My story "Eat, Drink, and Be Murdered" has been published in the November/December issue of Alfred Hitchcock's Mystery Magazine. This is a whodunit involving a newspaper that starts printing edgy restaurant reviews, resulting in bomb threats, death threats, and ... of course, murder! You can buy the issue in paper or digital formats from the usual sources. Subscriptions are also available from the publisher.
My story "Dear Emily Etiquette" is this month's new story on Ellery Queen Mystery Magazine's podcast. It appeared in the September/October issue of the magazine. The story runs for thirty-two minutes, and you can listen to me reading it by clicking here. (As of January 2021, I've posted the story here on the website for a limited time. You can read it by clicking on the "Dear Emily Etiquette" tab.)
My epistolary caper story "Dear Emily Etiquette" has been published in the September/October 2020 issue of Ellery Queen's Mystery Magazine. This story is told in a series of letters between a woman invited to her cousin's wedding--but only if she brings a date--and Emily Etiquette. An excerpt from the story was available on the EQMM website, along with some lovely artwork the magazine commissioned to go with my story.
I'm thrilled that my story "Alex's Choice," published in the time-travel/crime anthology Crime Travel, has been nominated for the Macavity Award for best mystery/crime short story of 2019, along with stories by Michael Chandros, Terence Faherty, G.M. Malliet, Art Taylor, and Dave Zeltserman. The Macavity Awards are given out by Mystery Readers International.
Crime Travel, the time travel/crime anthology I edited, has been nominated for the Anthony Award for Best Anthology or Collection of 2019! The book was published in December by Wildside Press.
The Anthonys are voted on and awarded each year at Bouchercon, the largest convention in the world for crime/mystery authors and fans. This year's voting and award ceremony will be held online because of the pandemic, with the winners announced October 17th. I offer congratulations to all of the authors with stories in the book: Melissa H. Blaine, James Blakey, Michael Bracken, Anna Castle, Brendan DuBois, David Dean, John M. Floyd, Heidi Hunter, Eleanor Cawood Jones, Adam Meyer, Barbara Monajem, Korina Moss, Art Taylor, and Cathy Wiley. The book also includes a story by me, "Alex's Choice."
Crime Travel authors also have had some other wonderful honors: my story "Alex's Choice" was nominated for an Agatha Award; "Love, or Something Like it" by Michael Bracken was nominated for a Derringer Award; "The Fourteenth Floor" by Adam Meyer is nominated for a Shamus Award; and "Hard Return" by Art Taylor is nominated for an Anthony Award. I'm so happy for them all!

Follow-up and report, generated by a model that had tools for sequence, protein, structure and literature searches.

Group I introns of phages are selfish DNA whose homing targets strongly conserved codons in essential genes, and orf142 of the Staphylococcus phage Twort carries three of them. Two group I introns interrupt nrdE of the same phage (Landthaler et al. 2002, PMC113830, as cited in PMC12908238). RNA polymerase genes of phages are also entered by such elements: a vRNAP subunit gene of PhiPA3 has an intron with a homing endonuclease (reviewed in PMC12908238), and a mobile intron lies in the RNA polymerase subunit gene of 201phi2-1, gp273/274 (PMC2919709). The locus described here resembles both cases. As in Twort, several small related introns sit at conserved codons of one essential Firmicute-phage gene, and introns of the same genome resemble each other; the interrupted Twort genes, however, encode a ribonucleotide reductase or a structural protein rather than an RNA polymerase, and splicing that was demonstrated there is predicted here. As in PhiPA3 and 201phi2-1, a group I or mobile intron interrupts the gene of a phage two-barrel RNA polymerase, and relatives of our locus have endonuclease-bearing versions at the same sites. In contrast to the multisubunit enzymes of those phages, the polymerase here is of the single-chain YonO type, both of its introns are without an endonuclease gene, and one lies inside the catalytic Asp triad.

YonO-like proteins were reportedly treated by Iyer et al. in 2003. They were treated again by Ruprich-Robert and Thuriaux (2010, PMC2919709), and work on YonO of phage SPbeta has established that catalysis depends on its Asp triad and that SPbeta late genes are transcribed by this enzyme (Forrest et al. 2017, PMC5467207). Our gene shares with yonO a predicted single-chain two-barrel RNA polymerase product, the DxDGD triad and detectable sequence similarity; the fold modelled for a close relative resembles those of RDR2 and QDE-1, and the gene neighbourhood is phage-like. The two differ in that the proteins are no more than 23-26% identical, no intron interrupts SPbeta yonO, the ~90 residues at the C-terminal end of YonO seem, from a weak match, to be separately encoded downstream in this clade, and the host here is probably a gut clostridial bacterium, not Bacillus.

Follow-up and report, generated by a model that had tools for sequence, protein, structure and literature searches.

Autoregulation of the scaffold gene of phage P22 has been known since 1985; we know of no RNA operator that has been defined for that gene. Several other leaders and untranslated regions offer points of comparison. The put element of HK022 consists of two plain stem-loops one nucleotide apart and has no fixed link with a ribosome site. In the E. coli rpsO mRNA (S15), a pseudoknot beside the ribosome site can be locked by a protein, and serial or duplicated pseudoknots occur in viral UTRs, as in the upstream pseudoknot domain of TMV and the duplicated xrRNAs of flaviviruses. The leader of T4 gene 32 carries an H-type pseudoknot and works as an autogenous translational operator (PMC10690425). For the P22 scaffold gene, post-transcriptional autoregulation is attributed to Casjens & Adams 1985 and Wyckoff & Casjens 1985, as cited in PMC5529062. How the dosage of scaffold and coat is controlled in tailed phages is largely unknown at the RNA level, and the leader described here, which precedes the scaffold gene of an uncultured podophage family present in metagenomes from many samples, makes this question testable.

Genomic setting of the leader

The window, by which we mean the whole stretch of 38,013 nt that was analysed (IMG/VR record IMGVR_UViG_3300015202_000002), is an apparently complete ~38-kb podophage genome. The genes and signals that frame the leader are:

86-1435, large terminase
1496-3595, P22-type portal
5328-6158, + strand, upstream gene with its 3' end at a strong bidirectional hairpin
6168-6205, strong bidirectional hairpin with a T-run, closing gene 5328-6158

My short story "Man to Man" has been published in the anthology The Beat of Black Wings: Crime Fiction Inspired by the Songs of Joni Mitchell. In "Man to Man," after a financial downturn forces an extroverted trophy wife into social isolation, she plans to remedy matters, no matter the cost. (I had no idea when I wrote the story how timely it would end up being.)
This anthology has twenty-six short stories, each representing a song from one of Joni Mitchell's seventeen studio albums. A third of the royalties will be donated to the Brain Aneurysm Foundation in Joni Mitchell's name. The anthology is edited by Josh Pachter and published by Untreed Reads. It's available in hardcover, trade paperback, and ebook.
My story "Alex's Choice" from the anthology Crime Travel has been nominated for the Agatha Award for best mystery/crime short story published in 2019. The award winner will be voted on in May by attendees of the Malice Domestic mystery convention. Fingers crossed!
Here's a description of the story: After twelve-year-old Alex’s uncle/guardian dies, Alex and furry sidekick Maxwell move into Grandfather’s mansion on the Maine shore. Soon a talisman appears—a time-traveling bicycle that allows people to return to the past to correct mistakes, including wrongful deaths. So off Alex goes, riding the bicycle into the past. The mission sounds simple until Alex is unexpectedly forced to make a choice that no person, let alone a child, should have to make.
For information about my short stories published before 2019, please click on the My Published Stories tab, where you can find a chronological list of my stories and information about which ones won or were nominated for awards.